The FBI was recently subject to a hack of its own servers which resulted in fake cyber security alerts being sent to many via a misconfigured web portal. This has been more than just an isolated incident, however, and forms part of an ongoing saga.
The latest attack, which occurred late on 12 November, saw a hacker take advantage of a software misconfiguration which allowed them to use an official FBI email address to send fake security alerts.
The illegitimate email originated from an FBI-operated server, the FBI said in a statement on 14 November, with the server dedicated to pushing notifications for the Law Enforcement Enterprise Portal (LEEP) and was not part of the FBI’s corporate email service.
While the attack highlighted FBI cyber vulnerabilities, the threat actor was not able to access or compromise any data or personally identifiable information on the FBI’s network.
“Once we learned of the incident, we quickly remediated the software vulnerability, warned partners to disregard the fake emails, and confirmed the integrity of our networks,” the FBI said.
Hacker identity revealed
It is understood that the hacker is an anonymous individual operating under the name ‘Pompompurin’.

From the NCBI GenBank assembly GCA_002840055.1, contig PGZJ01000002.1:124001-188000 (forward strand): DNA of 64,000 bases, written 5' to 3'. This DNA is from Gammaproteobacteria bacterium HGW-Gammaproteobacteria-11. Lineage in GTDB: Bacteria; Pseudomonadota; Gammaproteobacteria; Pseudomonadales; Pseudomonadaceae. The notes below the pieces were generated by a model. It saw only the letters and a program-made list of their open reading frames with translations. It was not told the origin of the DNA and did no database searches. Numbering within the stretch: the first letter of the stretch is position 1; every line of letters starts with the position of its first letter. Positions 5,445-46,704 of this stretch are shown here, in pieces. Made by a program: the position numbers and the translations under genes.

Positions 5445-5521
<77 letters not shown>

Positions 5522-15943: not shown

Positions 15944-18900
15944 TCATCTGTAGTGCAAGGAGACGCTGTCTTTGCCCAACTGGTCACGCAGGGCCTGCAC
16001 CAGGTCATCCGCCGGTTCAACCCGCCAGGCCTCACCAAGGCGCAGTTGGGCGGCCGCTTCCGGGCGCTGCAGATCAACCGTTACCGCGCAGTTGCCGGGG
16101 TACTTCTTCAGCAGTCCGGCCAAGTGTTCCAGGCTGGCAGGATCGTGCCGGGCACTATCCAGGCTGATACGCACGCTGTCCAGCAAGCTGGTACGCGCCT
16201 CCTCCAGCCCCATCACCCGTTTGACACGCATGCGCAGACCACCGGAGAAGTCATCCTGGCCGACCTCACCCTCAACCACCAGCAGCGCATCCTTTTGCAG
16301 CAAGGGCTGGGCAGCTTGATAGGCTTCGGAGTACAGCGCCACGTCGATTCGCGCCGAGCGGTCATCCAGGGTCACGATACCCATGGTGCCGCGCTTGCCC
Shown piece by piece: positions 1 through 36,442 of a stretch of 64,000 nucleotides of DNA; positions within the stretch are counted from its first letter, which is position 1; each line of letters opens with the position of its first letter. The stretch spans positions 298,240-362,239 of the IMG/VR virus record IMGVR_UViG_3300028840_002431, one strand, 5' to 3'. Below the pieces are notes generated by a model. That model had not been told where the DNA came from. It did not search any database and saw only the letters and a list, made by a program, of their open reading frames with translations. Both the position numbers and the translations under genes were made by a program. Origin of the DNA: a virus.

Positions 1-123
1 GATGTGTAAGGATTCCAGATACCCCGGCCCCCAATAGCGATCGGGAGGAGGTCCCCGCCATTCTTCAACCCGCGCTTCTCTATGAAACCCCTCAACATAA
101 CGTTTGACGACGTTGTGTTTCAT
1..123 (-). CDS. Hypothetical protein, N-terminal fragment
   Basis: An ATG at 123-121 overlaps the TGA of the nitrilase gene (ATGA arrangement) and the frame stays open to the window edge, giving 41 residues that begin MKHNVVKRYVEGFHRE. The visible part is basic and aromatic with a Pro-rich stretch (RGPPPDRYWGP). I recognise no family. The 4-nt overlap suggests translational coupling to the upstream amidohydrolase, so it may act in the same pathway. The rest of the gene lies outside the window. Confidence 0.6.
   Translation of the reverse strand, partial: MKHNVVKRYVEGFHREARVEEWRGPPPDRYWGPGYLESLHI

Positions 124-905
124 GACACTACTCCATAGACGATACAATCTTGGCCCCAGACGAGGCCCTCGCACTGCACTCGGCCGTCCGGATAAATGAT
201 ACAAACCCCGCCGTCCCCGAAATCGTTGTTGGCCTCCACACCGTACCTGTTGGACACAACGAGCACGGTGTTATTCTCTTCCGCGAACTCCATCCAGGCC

Vinny Troia, founder of the ShadowByte, a threat intelligence company, said in a ShadowByte blog post that he was initially warned of the attack before it happened with a simple direct message on Twitter from the hacker saying “enjoy”.
This is not the first time Pompompurin has contacted Troia according to his blog and he has been given “a heads up” on other attacks by the same individual. The FBI attack is just the latest in a line of clashes between the Pompompurin and Troia.
In an interview with information security journalist Brian Kerbs, published on KrebsOnSecurity, Pompompurin claimed he could have sent more legitimate-looking emails and the hack was done to point out “glaring vulnerabilities in the FBI’s system”.
Cybercrime is global
A US congressman has been following the hacker’s activity closely since July 2021. Representative Lou Correa, chairman of the House Homeland Security Subcommittee on Oversight, Management and Accountability, noted that the 12 November breach was just the latest in a long string of data breaches.
Correa said: “The evidence indicates that it can be attributed to one individual operating in Calgary, Canada. Unfortunately, Canadian cyber security and privacy laws have made it difficult to arrest this individual and extradite him once he is apprehended.”
The congressman also said that since July 2021 he has been receiving research and intelligence from the leadership team at ShadowByte, the threat intelligence company founded by Troia, investigating the hacker.
Correa also stated that in review of the data the US must do better in our coordination with other countries for the extradition of cybercrime suspects.
“While recent efforts at curbing international Ransomware organizations have focused on extradition, this has been limited to Russia and China. Meanwhile, cybercriminals in other parts of the world, much closer to our own borders, seem to have carte blanche while they hide behind their country’s laws. My office will continue to push the importance of this issue in Congress and to the White House,” he said.